I said, "I'd love to do it, you know, but I don't set down the law." And the answer was: "They'll do it for us." And they went to see the captain under who I was serving and he called me in and explained to me that the Bell Labs people wanted me to do it, would I do it? I said, "Sure, I'll do it." And I went out in the Pacific and spent the time teaching submariners how to use this new device and to blow up the other ship instead of yourself, which you could do.

RW: Well, that was a period in time when the United States was seriously behind the Japanese in...

LH: Yes.

RW: ... and the Japanese had the Long Lance torpedo and it wasn't, I guess till '43 or '44 that we got our hands on one of them and realized how good they were...

LH: Oh, they were good. We had ninety-three percent hit ratio, the whole fleet did, with the acoustic torpedo. It almost... it couldn't miss. If you did it right, you couldn't miss the ship. You had to hit... it would go right to it. And the Japanese didn't know such a thing existed, or people were thinking about it even, and they didn't know what the hell was going on. They really were not in position to understand "How did they do that? What is going on?"

And number two, it's the first time that a submarine had a defense. With the old torpedo, all you did was go as deep as you could, and be as quiet as you could, so that they could have trouble finding you. And then if you're down far enough, they'd thrown the bombs out that are gonna blow you up, you know. And what you do is turn right or turn left and go as fast as you could to get out of the way and... they were playing a game with each other. But you couldn't surface and you had no weapon to go after the ships that were trying to destroy you. With the acoustic torpedo, it didn't hurt where you were, you just shot it out and told it to blow up that son-of-a-gun and it did, you know?

[Laughter.]

RW: So, you made quite an impression on one of the Bell Labs senior people?

LH: It turns out I wish I could remember his name, he was an executive vice-president of Bell Laboratories. I had not met him until I was in the Pacific and a group of Bell Labs scientists came out to see what I was doing wrong. They just assumed that no naval officer could get the thing right under any circumstances [laughs] and so they came out to see me and they were amazed because the ninety-three percent hit ratio was never... wasn't even in the dreaming of torpedoes in the past and the torpedoes that we used, in the first part when the war started, we had almost zero because they were smashed before they blew up.

With the acoustic torpedo we had ninety-three percent hit ratio during that period, from then until they didn't have any boats left. There was nothing to shoot at anymore at the end.

RW: So, did this executive VP...

LH: Oh yeah.

RW: ... was he impressed and make you a job offer?

LH: Actually, they stayed for about a week and I took 'em around, showed them everything, took 'em out on submarines myself and we fired at boats that we had floating out there that we didn't care about whether they got blown up or not. When it was time for them to go home, this executive vice-president came into my office and said: "Les, what are you going to do when the war is over?" I said: "I think I'm gonna go back and get a doctor's degree. I kind of like this better than chemical engineering, I think that's what I want to do."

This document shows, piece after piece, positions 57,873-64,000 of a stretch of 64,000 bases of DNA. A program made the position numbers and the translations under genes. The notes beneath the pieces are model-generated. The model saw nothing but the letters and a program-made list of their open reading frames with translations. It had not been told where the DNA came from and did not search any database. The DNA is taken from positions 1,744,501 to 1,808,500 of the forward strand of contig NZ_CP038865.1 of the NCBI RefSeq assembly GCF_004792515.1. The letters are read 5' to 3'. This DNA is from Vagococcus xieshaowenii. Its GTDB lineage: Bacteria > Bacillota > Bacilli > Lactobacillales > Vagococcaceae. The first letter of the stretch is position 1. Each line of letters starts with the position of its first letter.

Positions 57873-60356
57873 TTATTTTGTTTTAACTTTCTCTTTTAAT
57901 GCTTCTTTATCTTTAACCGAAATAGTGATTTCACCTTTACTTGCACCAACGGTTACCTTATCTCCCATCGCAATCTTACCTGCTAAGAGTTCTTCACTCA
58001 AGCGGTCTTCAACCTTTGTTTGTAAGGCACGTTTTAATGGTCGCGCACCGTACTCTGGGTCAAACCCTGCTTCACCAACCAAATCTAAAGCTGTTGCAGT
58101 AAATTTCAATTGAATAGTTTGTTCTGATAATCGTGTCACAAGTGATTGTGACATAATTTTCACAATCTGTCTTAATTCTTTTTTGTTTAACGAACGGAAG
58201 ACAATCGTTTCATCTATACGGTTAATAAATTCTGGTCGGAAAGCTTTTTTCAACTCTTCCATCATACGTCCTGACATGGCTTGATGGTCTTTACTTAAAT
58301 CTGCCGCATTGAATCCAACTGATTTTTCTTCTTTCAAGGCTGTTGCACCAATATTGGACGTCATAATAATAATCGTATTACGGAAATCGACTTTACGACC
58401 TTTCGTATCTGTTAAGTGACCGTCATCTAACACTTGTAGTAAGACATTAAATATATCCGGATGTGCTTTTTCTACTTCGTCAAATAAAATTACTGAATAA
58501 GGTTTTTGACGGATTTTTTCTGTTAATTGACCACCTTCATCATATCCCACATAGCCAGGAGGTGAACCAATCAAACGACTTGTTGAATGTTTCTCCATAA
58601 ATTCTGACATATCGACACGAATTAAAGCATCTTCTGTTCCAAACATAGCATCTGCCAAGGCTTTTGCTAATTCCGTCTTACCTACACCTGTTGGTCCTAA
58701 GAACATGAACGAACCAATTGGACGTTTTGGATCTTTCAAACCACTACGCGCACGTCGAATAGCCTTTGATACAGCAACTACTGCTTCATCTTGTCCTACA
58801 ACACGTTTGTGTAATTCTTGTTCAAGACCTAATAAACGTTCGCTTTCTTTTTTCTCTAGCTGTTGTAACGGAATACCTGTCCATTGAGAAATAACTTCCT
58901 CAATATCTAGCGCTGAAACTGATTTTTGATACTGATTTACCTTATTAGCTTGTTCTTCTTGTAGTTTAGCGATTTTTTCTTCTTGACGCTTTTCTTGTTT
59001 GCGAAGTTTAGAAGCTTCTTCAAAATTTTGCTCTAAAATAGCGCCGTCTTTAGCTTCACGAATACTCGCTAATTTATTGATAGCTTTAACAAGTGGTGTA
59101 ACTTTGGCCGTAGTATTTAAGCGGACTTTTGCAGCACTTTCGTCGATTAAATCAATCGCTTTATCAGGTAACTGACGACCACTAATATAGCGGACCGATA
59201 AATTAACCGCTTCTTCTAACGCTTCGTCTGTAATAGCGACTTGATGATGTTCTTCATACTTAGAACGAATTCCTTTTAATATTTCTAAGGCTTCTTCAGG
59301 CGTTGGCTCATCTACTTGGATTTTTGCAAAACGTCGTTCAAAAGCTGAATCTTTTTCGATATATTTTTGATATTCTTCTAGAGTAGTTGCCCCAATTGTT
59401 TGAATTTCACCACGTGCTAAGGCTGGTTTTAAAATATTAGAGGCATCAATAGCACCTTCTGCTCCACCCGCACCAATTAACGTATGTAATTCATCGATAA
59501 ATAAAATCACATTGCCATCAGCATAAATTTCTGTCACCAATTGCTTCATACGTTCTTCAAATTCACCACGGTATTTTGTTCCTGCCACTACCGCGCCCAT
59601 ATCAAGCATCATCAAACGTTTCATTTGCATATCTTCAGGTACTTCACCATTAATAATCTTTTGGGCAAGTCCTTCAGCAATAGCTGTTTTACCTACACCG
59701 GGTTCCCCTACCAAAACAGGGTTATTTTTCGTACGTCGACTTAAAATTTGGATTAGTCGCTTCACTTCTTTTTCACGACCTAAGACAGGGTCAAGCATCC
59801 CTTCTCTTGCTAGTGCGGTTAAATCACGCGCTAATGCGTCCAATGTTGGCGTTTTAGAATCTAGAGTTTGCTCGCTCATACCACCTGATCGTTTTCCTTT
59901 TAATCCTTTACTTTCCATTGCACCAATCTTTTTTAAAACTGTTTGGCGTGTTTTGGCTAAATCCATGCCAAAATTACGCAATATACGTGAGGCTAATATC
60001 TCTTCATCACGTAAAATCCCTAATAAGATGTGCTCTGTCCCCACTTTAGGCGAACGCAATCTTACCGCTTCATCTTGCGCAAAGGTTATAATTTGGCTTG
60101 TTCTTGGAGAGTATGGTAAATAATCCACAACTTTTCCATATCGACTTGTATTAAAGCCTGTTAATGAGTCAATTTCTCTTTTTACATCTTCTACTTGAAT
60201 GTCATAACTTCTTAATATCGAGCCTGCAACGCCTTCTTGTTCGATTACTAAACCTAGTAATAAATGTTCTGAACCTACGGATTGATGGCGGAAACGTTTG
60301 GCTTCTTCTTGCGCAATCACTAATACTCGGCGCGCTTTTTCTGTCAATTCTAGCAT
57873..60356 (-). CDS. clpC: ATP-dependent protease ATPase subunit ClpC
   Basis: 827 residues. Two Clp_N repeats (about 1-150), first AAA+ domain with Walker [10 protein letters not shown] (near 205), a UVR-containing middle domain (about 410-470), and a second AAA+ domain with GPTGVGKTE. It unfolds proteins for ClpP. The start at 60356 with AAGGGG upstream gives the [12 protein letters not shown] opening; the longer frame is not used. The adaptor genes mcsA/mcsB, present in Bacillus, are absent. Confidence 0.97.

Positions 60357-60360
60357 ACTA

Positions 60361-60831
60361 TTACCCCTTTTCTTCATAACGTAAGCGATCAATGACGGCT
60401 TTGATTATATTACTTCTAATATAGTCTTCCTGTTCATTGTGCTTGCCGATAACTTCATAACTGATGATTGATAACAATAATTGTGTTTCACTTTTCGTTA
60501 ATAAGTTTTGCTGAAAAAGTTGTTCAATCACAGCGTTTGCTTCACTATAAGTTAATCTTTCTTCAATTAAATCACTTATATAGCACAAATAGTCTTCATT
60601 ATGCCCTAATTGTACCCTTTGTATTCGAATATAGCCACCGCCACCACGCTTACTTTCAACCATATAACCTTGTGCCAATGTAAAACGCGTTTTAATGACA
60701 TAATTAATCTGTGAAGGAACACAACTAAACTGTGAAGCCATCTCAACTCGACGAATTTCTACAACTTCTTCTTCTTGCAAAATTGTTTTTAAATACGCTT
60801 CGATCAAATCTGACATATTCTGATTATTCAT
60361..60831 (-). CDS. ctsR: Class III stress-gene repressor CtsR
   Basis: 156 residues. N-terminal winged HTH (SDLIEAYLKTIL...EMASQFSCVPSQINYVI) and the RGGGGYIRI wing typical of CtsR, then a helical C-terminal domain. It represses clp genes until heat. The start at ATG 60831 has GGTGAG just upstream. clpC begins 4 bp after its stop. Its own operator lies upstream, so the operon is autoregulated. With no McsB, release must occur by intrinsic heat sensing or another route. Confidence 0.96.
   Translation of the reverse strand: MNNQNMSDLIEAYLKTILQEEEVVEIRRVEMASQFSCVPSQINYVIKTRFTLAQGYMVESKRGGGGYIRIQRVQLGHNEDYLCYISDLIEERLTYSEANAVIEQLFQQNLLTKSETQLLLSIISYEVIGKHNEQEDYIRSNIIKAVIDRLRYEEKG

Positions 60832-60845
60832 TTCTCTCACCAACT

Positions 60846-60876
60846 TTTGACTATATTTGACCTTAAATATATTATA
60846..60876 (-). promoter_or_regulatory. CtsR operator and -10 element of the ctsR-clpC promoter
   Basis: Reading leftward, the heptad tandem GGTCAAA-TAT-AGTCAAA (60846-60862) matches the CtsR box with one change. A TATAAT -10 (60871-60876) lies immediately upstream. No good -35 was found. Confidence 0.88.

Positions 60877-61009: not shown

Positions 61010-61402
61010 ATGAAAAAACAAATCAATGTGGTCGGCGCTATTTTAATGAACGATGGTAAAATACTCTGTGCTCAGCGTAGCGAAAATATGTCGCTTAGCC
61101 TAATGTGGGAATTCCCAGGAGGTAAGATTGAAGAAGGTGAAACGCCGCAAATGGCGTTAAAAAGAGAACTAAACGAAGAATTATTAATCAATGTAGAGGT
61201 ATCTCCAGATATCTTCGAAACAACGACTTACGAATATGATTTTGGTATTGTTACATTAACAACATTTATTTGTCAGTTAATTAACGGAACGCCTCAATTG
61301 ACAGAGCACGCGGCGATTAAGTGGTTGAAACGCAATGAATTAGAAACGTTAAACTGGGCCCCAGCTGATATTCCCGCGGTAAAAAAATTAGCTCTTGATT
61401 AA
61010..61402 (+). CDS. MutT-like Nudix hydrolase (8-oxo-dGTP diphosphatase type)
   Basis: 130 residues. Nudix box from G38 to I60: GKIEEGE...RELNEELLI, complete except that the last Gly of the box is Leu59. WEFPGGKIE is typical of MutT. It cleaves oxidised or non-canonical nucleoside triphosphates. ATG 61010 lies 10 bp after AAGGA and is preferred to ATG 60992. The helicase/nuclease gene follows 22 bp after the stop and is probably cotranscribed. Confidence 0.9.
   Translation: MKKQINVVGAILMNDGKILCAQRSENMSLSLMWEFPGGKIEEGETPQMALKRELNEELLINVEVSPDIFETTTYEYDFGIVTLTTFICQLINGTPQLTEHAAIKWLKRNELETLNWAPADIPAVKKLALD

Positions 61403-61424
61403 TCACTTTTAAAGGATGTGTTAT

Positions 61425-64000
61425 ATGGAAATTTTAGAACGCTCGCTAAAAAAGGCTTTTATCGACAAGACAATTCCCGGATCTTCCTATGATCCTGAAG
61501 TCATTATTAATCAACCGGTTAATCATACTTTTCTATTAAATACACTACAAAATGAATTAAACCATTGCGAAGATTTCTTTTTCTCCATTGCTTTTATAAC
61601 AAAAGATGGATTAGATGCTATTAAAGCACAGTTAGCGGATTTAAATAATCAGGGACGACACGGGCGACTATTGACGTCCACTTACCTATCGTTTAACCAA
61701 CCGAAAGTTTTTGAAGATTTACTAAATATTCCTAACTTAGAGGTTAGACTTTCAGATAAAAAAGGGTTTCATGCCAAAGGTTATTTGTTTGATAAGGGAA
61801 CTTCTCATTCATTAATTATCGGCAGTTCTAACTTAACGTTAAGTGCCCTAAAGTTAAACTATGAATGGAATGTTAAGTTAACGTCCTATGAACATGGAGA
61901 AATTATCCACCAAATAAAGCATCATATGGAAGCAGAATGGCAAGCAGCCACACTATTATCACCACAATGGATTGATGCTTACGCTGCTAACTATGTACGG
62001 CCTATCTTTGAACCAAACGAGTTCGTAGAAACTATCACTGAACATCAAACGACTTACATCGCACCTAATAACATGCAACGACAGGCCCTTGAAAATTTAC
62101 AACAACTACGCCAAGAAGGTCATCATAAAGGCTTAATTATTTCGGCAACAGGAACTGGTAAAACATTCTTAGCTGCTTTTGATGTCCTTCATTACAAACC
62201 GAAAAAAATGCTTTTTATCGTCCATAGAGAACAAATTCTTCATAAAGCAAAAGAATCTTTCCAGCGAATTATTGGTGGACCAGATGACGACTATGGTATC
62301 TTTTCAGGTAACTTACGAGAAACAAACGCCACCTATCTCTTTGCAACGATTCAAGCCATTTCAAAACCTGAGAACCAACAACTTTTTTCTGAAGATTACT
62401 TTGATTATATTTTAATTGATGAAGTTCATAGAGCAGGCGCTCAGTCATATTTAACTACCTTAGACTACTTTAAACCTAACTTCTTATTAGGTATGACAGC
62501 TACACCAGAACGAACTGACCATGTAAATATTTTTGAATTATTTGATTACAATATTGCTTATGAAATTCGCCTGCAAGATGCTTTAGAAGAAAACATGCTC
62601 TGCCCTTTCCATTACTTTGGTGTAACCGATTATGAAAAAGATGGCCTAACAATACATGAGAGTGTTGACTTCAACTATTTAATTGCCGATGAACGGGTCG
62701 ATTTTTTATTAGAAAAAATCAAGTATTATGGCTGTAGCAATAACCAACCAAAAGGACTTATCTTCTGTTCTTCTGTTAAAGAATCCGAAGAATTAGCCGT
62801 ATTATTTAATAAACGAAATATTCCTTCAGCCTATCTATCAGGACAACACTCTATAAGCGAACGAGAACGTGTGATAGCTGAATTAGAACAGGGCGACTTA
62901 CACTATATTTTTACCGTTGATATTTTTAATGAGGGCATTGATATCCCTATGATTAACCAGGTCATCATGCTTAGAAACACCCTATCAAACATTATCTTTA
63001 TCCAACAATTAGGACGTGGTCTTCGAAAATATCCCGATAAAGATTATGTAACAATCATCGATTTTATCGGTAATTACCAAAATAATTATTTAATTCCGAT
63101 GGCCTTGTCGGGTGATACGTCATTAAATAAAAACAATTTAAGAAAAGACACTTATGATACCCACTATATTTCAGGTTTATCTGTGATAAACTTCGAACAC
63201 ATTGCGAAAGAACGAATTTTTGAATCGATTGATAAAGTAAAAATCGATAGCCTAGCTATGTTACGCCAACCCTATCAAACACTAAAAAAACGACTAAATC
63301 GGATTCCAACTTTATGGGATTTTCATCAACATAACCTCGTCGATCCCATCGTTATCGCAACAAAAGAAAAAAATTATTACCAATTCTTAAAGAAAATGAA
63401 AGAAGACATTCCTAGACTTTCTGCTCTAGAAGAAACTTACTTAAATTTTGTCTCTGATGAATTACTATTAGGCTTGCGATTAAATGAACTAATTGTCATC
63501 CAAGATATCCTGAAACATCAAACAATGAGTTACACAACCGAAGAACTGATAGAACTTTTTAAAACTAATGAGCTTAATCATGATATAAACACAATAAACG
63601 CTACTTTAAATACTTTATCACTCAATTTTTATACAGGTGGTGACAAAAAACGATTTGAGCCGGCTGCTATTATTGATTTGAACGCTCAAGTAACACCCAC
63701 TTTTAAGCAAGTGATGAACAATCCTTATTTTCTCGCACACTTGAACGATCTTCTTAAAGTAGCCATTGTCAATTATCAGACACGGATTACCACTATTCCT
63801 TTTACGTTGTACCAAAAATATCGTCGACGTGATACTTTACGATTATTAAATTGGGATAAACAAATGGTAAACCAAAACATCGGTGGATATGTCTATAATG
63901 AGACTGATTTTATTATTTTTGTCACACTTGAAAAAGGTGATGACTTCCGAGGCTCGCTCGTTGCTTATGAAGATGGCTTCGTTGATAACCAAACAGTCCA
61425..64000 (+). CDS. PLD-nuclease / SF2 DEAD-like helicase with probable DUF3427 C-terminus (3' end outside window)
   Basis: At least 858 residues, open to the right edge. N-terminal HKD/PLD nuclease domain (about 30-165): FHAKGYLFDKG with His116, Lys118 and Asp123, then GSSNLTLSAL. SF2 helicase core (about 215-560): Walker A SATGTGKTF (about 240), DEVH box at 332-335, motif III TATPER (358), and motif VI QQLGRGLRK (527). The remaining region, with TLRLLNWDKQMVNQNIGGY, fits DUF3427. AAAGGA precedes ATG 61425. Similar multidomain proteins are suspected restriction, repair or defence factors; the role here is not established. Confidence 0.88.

And he said "Here's my card. Don't ever look for a job, you have a job whenever you want a job and it turned out that's what I did. I went to Lehigh University when I got out of the Navy. I got a Ph.D. in Physics, called up my so-called friend and I said: "This is Les Hogan, do you remember me?"

And he said "I sure do and I presume you're coming to pick up that promise I made to you about five years ago out in the Pacific Ocean. And I said "That's exactly what it is!" And he said: "Well, tell me about yourself." I said: 'Well, I just finished my doctor's degree, I finished my thesis, I'm ready to go."

He said "You gotta a job." He said "When can you come over?"

[Laughs].

So that's where I went.. to Bell Labs. I arrived there in early 1950.

RW: Well now, you were actually .. had an invention after just three months at Bell?

LH: Yeah, the microwave gyrator, isolator and circulator, and it was, again, it was a luck... it was more luck than brilliance. A mathematician, he wasn't a physicist or an engineer, he was a mathematician, he was playing around with Maxwell's theories and he came to the conclusion that there was still was yet another device.. . should exist, but no one has ever had such a thing, and that is it did not violate Maxwell's theorem. He just took Maxwell's theorem, he said, "If it's right and if it's compete, then there must be another circuit element that we don't have." And the circuit element is one that did not have... I'm trying to get the right wording there... it was a device that was non-reciprocal. That is, if you think of it in terms... in fact, the fellow who put out the first paper on this, that it ought to exist, did it in a... just a ordinary device, you know, at low frequencies and what have you. He didn't now how to build it but he said, "Such a thing can and should exist, and I haven't found a way do it, but it is there."